13 Things You Need to Know About Shingles
By Sheryl Kraft
A friend of mine recently came down with shingles. At first, she thought the itchy and bumpy red rash was a reaction to something she ate.
But when she began to develop a headache and fever along with painful blisters, she was not so sure.
Her doctor diagnosed her with shingles.
She's well on her way to recovery now. Her case lasted about three weeks and could have lasted longer, according to her doctor. After hearing about her ordeal, I thought it would be helpful to share some details, because the risk of shingles rises sharply as we age.
Shingles is caused by the same virus that causes chickenpox. But even if you've had chickenpox, you can still get shingles. The virus lies inactive in nerve tissues near the spinal cord and brain—until it doesn't, when it reactivates.
Shingles can show up anywhere on your body but usually appears on one side of the torso, as a stripe of blisters (a "shingles rash").
The rash can also occur around one eye or on the side of your face or neck.
Not everyone who has had chickenpox will develop shingles.
Shingles can be very painful for some but not for everyone. Some people will have mild symptoms, with just some itching.
Along with pain, you can experience burning, numbness or tingling.
Other symptoms include sensitivity to touch Even the weight of a light bedsheet against your body can be too much to tolerate.
Some people are also sensitive to light and feel very tired.
Sometimes, depending on the location of the pain, it can be misdiagnosed as a heart, lung or kidney problem.
The risk of complications increases in people 60 or older. They include vision loss, neurological problems, skin infections and ongoing nerve pain.
Although the exact cause of shingles is not known, some think it may be due to having lowered immunity to infections that comes with age, or it may be caused by a weakened immune system.
Shingles is not contagious as shingles but is contagious as chickenpox to a person who isn't immune to chickenpox, if they have direct contact with the open sores or your rash. You're contagious until the blisters have scabbed over.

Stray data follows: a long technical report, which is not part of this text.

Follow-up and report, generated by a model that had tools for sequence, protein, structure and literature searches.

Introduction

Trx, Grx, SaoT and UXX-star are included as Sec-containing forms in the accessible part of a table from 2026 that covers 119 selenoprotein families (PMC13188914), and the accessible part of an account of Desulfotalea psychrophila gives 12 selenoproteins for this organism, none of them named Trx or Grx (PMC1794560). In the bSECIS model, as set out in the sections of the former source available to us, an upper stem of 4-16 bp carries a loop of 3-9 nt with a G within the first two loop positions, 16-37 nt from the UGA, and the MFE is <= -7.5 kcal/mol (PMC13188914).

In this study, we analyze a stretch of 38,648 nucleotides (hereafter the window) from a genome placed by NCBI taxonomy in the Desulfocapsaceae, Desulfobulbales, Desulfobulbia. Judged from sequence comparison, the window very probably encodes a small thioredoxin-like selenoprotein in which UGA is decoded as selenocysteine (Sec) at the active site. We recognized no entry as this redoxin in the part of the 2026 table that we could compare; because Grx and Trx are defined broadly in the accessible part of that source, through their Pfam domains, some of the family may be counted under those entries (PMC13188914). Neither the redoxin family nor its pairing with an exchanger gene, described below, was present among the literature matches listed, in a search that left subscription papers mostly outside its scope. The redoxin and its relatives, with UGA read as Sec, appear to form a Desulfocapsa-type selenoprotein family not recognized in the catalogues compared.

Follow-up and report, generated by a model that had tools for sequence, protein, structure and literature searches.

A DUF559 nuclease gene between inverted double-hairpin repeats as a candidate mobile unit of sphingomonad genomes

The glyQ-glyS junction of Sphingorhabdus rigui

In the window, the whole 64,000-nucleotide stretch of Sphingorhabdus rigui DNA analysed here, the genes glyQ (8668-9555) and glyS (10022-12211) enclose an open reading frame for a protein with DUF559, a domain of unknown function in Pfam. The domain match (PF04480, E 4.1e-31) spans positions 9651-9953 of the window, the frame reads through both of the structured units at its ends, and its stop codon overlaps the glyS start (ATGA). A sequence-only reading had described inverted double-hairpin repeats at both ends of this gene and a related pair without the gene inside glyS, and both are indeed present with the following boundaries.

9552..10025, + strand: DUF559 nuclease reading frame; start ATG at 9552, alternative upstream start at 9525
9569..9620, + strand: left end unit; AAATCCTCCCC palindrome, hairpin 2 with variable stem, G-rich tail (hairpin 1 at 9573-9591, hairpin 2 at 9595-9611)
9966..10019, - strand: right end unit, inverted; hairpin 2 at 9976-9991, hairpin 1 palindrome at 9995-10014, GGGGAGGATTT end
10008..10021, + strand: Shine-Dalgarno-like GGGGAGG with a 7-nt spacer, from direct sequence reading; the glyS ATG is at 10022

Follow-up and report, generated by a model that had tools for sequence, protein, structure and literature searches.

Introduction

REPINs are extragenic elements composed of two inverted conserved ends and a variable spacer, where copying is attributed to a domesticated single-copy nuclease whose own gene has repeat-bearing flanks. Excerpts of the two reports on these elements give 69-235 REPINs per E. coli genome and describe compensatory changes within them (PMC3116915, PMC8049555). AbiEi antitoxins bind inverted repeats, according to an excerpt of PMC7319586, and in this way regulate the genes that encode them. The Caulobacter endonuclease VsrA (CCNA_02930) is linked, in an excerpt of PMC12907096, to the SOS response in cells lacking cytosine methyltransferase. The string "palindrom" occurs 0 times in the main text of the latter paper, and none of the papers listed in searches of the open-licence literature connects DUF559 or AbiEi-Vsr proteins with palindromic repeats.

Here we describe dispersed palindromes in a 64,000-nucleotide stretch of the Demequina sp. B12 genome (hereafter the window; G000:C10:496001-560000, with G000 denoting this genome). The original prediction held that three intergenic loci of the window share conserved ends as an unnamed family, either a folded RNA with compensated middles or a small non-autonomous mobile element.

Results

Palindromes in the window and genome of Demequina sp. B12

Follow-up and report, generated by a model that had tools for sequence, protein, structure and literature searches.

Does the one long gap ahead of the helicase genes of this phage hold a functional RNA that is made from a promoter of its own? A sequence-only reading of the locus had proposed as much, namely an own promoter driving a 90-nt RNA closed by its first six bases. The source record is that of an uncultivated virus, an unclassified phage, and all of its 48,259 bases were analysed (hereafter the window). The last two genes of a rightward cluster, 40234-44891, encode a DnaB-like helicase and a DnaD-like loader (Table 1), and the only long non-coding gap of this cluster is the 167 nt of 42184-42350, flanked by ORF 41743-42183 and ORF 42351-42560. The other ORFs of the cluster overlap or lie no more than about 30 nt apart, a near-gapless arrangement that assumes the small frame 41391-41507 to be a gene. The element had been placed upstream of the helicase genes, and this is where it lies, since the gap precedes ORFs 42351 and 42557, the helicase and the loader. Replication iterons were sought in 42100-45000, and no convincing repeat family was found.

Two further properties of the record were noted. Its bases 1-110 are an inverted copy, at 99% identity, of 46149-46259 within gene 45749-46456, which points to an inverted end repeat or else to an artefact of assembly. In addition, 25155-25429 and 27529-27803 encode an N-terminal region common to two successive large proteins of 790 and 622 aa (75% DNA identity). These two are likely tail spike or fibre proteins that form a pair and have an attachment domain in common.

If you've had it once, you can get it again (although it's rare).
Shingles has no cure but can be treated with various prescription antiviral drugs and other things to help with pain and itching. For some, cool, wet compresses can help as well.
As you can see, shingles is more common than you might think, and you should not take it lightly: Each year, there are an estimated 1 million cases in the U.S., and it will affect about one out of every three people in their lifetime.
A shingles vaccine can help protect you for about five years. And if you've already had shingles, it can help prevent it from returning. But it doesn't guarantee you will never get shingles. If you have shingles and have not been vaccinated, you'll need to wait until the rash has disappeared.
I got a vaccine about five years ago and am due for another. I plan to get the new vaccine, called Shingrix, which was released in late 2017. It's supposed to be more effective, more protective and longer-lasting than the older one that's been on the market for over a decade. Even if you've received the older vaccine, the Advisory Committee on Immunization Practices recommends getting the new one.
The only possible downside? It can cause some adverse reactions, like fever and muscle aches. And you need two—not one—vaccination, given at least two months apart.
To me, it's worth possibly putting up with a couple of days of soreness versus dealing with weeks of shingles complications.
This post originally appeared on mysocalledmidlife.net.